Q: What did 48 [Lewis] say to you? A: Well, we were talking and he wanted to find Bennie Harris. Q: Did he tell you why he wanted to find Bennie Harris? A: No sir. The only thing he said was he had some work for Fireball [Harris] to do. . . . . . Q: All right. And did you tell him where to find Bennie Harris and — A: Yes, sir. Q: Did you talk to Bennie Harris about his conversation with 48? A: Yes. Q: What did he tell you? A: Well, Fireball, Bennie Harris told me that 48 had something for him to do. . . . . . Q: What specifically did Bennie Harris tell you about his conversation with 48, specifically? A: Bennie Harris told me that 48 wanted him to sell drugs for him in Lake City. Q: And did Bennie Harris tell you if he agreed to do that? A: Yes, he did. (J.A. 179-180.)

As out-of-court statements offered for the truth of the matter asserted, these remarks by Bennie Harris as recounted by Black would ordinarily be hearsay. The Government offered this testimony under the coconspirator exception to the hearsay rule, Fed. R.Evid. 801(d)(2)(E):

A statement is not hearsay if . . . [t]he statement is offered against a party and is . . . a statement by a coconspirator of a party during the course and in furtherance of the conspiracy.

It is undisputed that the statements in question were offered against a party (Lewis) and were the out-of-court statements of a coconspirator (Harris) offered to prove that Lewis solicited Harris to sell drugs. Lewis relies on our decision in United States v. Urbanik, 801 F.2d 692 (4th Cir.1986), to argue that the statements are inadmissible hearsay because they are not statements made "during the course and in furtherance of the conspiracy." In Urbanik, the contested testimony was described as follows:

Haselhuhn [a drug dealer] testified that until March 1981 he purchased cocaine and marijuana from Pelino on numerous occasions. . . . Haselhuhn was permitted to testify about statements made to him by Pelino in the summer of 1980. At the time of the statements, Haselhuhn was at Pelino's house to pay for some drugs and obtain a new supply. He testified that after concluding their business, he and Pelino were engaging in casual conversation about weight-lifting . . . In the course of discussing their own abilities, Pelino told Haselhuhn about a "friend in the Keys" named Axel [Urbanik] from whom he obtained marijuana" at 1,000 pounds a clip" who was "a little short guy" but could bench press 300 pounds.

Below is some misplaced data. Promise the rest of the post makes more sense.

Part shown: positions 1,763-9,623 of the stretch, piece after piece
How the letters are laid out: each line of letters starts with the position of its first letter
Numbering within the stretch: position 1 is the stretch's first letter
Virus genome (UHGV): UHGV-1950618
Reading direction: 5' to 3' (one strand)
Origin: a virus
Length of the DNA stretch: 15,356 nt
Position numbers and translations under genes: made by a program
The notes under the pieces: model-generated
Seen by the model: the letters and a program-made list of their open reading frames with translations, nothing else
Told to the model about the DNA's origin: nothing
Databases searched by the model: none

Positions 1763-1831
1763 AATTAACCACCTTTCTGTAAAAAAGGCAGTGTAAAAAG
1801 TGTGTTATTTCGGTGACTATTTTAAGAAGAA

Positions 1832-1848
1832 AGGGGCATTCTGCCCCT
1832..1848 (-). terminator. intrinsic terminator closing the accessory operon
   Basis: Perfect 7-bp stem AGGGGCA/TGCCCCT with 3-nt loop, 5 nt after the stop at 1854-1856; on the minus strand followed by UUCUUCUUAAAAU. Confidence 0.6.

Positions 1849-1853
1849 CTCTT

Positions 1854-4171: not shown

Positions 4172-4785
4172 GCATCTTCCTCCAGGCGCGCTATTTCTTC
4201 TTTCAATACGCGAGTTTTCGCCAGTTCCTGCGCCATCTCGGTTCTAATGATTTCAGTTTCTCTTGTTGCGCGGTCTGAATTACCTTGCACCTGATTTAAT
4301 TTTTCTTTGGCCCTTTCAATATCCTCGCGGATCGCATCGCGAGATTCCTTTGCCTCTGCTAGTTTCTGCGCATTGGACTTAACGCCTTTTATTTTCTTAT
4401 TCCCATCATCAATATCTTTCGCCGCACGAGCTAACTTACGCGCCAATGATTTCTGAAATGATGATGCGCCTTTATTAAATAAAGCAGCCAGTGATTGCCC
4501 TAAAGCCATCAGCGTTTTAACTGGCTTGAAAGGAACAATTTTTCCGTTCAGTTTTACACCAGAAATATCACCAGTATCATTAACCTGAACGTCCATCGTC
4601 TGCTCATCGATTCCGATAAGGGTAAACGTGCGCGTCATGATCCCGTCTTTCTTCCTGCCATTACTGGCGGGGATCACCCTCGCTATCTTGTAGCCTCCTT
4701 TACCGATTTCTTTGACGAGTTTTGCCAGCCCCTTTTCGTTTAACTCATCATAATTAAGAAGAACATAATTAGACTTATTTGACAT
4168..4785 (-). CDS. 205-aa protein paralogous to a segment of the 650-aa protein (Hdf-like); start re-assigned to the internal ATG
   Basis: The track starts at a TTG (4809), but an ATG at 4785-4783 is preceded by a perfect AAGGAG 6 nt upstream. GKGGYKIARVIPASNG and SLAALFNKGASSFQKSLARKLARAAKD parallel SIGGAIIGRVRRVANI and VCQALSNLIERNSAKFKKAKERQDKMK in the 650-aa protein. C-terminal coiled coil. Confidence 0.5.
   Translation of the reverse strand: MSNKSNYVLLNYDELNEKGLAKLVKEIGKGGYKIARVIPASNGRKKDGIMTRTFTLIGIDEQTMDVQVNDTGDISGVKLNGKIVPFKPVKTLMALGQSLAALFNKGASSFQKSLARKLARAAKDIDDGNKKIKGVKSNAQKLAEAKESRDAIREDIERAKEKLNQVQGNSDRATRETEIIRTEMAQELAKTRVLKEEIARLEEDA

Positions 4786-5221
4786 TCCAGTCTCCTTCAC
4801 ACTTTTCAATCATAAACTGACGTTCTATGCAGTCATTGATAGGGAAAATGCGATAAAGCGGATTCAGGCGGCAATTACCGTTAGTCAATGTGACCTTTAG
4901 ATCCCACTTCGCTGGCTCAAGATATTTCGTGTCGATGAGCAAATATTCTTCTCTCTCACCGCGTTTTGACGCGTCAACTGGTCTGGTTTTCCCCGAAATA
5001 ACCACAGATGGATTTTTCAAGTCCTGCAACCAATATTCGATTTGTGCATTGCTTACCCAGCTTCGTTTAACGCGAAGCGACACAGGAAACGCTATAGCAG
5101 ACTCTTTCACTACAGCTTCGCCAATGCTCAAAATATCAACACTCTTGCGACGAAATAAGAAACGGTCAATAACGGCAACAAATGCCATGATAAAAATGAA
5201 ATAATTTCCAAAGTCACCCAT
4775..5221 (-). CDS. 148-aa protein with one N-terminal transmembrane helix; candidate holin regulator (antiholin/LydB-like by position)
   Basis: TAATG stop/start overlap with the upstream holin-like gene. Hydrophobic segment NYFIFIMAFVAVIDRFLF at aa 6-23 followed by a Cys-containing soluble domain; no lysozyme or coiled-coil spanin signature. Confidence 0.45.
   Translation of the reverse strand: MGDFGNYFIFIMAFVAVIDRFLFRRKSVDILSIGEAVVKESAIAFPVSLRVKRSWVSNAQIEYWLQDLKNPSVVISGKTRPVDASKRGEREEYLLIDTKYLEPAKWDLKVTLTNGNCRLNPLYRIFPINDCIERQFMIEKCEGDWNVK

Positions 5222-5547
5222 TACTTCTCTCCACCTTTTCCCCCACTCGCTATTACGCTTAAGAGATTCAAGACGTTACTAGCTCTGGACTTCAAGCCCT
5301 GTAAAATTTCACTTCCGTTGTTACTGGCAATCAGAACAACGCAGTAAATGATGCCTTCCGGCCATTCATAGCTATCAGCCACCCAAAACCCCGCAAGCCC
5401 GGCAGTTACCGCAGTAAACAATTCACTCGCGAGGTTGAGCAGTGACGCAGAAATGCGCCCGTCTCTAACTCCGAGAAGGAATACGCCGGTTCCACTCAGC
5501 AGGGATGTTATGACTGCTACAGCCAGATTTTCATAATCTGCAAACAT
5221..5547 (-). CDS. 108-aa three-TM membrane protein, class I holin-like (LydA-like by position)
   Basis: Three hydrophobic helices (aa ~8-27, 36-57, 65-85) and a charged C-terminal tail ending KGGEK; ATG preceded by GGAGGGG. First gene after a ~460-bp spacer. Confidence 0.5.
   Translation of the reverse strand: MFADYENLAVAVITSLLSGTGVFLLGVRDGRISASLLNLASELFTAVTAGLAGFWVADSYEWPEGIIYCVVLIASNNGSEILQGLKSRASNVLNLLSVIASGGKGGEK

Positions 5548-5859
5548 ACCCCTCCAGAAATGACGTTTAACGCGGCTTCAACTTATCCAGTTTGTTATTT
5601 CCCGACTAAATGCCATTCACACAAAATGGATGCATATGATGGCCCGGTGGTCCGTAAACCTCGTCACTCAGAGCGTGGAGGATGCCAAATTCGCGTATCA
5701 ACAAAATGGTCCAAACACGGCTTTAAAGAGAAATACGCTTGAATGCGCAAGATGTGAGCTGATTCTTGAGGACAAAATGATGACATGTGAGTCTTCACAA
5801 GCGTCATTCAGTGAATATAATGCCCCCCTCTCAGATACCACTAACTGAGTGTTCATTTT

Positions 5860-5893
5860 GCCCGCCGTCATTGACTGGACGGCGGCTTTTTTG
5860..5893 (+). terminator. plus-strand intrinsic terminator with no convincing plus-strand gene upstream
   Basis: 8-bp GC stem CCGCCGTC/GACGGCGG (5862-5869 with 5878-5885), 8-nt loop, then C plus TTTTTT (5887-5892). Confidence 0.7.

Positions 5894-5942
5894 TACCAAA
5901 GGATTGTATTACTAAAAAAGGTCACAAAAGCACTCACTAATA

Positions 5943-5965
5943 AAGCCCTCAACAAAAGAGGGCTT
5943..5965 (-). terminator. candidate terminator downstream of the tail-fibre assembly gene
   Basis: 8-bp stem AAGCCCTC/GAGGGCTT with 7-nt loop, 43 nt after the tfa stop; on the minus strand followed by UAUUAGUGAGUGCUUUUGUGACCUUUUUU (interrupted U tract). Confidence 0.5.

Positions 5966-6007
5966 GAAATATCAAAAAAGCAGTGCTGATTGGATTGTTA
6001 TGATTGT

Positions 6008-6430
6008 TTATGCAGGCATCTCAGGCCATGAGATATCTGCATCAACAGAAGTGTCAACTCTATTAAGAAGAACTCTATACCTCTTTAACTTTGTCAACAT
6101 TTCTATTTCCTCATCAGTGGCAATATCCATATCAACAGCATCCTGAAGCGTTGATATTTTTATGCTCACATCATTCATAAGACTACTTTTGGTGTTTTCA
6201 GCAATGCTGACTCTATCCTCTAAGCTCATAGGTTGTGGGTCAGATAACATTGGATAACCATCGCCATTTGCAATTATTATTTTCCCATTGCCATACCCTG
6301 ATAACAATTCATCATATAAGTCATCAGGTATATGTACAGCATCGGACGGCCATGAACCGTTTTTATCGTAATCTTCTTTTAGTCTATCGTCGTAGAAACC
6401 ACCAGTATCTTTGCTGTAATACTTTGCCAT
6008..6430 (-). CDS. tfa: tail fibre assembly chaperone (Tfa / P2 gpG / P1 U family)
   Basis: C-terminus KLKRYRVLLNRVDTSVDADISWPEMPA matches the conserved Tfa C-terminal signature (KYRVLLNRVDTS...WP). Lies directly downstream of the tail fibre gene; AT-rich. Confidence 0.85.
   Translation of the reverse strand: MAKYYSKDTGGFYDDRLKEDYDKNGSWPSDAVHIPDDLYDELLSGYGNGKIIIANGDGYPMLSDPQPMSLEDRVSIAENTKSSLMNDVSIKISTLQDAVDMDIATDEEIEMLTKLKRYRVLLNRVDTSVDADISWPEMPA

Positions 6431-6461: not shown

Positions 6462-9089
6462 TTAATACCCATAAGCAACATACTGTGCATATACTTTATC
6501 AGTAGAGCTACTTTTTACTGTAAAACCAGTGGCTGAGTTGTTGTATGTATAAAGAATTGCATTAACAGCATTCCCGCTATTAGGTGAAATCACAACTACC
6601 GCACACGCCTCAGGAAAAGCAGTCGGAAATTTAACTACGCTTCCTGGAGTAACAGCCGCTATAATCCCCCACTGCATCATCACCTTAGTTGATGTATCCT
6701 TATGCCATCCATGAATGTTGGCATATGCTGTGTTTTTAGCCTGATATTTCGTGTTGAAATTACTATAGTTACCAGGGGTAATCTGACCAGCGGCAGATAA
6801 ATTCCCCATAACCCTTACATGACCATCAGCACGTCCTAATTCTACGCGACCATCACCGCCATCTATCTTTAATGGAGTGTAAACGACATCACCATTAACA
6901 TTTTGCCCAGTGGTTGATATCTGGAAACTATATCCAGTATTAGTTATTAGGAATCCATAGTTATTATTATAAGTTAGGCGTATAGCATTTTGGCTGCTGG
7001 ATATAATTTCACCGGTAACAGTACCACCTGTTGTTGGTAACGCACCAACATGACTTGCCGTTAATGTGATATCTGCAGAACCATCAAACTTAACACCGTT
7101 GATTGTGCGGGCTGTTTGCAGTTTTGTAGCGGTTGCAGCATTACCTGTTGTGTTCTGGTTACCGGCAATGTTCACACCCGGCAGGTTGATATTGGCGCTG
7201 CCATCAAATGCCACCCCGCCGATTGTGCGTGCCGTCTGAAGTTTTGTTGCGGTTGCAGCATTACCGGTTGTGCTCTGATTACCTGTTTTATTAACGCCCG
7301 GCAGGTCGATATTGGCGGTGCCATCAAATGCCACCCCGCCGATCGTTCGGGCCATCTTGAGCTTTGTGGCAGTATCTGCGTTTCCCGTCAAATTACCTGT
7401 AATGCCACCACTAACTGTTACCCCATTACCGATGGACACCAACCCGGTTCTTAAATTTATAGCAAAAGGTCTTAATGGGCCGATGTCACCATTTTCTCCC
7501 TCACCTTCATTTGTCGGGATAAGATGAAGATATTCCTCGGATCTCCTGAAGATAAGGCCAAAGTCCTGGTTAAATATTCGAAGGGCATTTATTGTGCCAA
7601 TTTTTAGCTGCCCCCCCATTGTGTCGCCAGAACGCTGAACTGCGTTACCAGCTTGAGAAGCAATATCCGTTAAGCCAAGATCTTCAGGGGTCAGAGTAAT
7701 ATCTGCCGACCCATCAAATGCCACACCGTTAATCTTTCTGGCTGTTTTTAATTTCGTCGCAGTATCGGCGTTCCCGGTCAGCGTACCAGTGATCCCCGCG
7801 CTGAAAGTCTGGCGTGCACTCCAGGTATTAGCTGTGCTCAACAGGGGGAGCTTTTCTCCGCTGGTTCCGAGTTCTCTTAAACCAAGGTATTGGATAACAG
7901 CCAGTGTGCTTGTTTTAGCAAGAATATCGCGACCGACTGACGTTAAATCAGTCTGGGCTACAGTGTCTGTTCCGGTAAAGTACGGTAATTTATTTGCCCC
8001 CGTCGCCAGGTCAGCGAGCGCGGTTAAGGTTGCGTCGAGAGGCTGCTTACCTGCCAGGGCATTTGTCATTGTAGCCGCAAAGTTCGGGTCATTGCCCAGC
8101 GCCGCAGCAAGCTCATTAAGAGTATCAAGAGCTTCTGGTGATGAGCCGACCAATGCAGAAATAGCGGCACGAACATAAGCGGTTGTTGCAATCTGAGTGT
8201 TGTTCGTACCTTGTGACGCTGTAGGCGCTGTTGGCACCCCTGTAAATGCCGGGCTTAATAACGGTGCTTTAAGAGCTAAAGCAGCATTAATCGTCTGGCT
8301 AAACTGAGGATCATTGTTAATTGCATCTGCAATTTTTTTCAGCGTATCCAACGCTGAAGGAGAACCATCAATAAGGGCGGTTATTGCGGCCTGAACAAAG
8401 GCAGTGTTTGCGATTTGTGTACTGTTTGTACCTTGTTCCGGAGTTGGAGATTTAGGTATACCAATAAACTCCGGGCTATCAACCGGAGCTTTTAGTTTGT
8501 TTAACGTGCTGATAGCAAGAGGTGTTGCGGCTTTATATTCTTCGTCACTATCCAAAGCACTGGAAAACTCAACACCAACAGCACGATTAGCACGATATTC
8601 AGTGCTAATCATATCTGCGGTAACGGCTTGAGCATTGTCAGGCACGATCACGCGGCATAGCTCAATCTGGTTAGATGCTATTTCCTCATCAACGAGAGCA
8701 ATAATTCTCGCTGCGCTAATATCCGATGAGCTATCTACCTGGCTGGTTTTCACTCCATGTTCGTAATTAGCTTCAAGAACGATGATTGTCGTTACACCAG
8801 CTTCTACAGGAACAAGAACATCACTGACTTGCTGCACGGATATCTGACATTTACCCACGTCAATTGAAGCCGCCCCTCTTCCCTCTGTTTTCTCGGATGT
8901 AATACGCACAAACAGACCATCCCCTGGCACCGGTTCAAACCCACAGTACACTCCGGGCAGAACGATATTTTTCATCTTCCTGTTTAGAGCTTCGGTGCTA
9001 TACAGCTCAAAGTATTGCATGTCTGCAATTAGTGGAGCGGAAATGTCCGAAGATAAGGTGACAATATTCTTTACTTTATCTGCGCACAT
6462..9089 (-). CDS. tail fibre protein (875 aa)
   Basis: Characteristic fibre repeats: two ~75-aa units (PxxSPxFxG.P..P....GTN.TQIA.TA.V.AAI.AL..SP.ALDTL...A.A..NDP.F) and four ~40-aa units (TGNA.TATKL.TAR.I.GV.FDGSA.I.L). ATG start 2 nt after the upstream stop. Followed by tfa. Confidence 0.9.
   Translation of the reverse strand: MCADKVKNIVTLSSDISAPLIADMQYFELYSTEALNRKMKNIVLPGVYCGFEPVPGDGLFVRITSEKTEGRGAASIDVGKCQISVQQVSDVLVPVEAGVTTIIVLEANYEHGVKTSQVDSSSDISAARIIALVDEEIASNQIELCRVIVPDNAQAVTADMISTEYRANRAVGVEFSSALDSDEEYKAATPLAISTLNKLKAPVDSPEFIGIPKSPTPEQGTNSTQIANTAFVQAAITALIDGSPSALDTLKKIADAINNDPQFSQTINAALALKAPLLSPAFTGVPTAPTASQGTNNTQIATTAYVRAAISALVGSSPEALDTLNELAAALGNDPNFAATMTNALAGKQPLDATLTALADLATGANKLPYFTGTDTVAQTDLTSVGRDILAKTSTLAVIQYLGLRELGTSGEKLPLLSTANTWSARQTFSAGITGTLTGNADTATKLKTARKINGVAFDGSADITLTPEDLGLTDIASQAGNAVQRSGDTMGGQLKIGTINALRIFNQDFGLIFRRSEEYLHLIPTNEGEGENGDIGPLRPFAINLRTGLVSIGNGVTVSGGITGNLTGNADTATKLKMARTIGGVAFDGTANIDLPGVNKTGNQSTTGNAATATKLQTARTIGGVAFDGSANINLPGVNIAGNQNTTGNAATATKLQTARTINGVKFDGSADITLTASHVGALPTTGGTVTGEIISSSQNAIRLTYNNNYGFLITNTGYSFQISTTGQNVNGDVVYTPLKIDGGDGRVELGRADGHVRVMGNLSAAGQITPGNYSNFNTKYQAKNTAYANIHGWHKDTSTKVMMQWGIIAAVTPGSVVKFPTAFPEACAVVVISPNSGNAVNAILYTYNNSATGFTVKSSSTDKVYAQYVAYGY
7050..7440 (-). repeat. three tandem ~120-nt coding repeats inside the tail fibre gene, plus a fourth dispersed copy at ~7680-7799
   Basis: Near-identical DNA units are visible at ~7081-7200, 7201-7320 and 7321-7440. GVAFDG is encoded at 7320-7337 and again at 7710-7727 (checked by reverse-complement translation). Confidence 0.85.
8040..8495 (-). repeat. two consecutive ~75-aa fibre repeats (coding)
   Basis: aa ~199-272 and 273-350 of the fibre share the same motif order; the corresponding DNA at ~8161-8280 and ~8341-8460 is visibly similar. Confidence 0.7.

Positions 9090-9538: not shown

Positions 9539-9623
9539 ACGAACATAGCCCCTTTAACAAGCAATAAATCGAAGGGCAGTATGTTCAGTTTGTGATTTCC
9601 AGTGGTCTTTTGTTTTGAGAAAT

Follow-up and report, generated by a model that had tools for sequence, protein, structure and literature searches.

Id. at 695. We held in Urbanik that "this statement can fairly be treated only as the sort of idle conversation which though it touches upon, does not `further,' a conspiracy," and that admission of the testimony was error. Id. at 698.

We disagree with Lewis's assertion that Urbanik renders Black's testimony inadmissible. The statement in this case was part of a conversation among coconspirators about ongoing activities in the conspiracy itself and were made in furtherance of that conspiracy. In the challenged statements, Lewis sought Black's help in contacting Harris, who in turn explained to Black that Lewis recruited him into the conspiracy. These conversations were integral to arranging drug sales, the central work of the conspiracy; all three men were members of that conspiracy. This was not the idle chatter that we found in Urbanik, and the district court did not abuse its discretion in admitting this evidence.


Appellant Dickerson claims for the first time on appeal that the district court erred by not giving him an affirmative opportunity to speak to the court at sentencing. After expressing its intention to sentence Dickerson to the minimum sentence allowed by the Guidelines, the court said: "Anything from the Defendant?" Defendant's counsel replied, "He wanted me to tell the court . . . he is a good person. His mother is a school teacher." (J.A. 281-82.) The court shortly thereafter asked, "Anything further from either party?" Defendant's counsel replied, "That's all, your Honor." (J.A. 282.)

The sentencing court must "address the defendant personally and determine if the defendant wishes to make a statement and to present any information in the mitigation of the sentence." Fed.R.Crim.Proc. 32(a). Merely affording the Defendant's counsel the opportunity to speak does not fulfill the requirements of Rule 32(a). Green v. United States, 365 U.S. 301, 304, 81 S.Ct. 653, 655, 5 L.Ed.2d 670 (1961).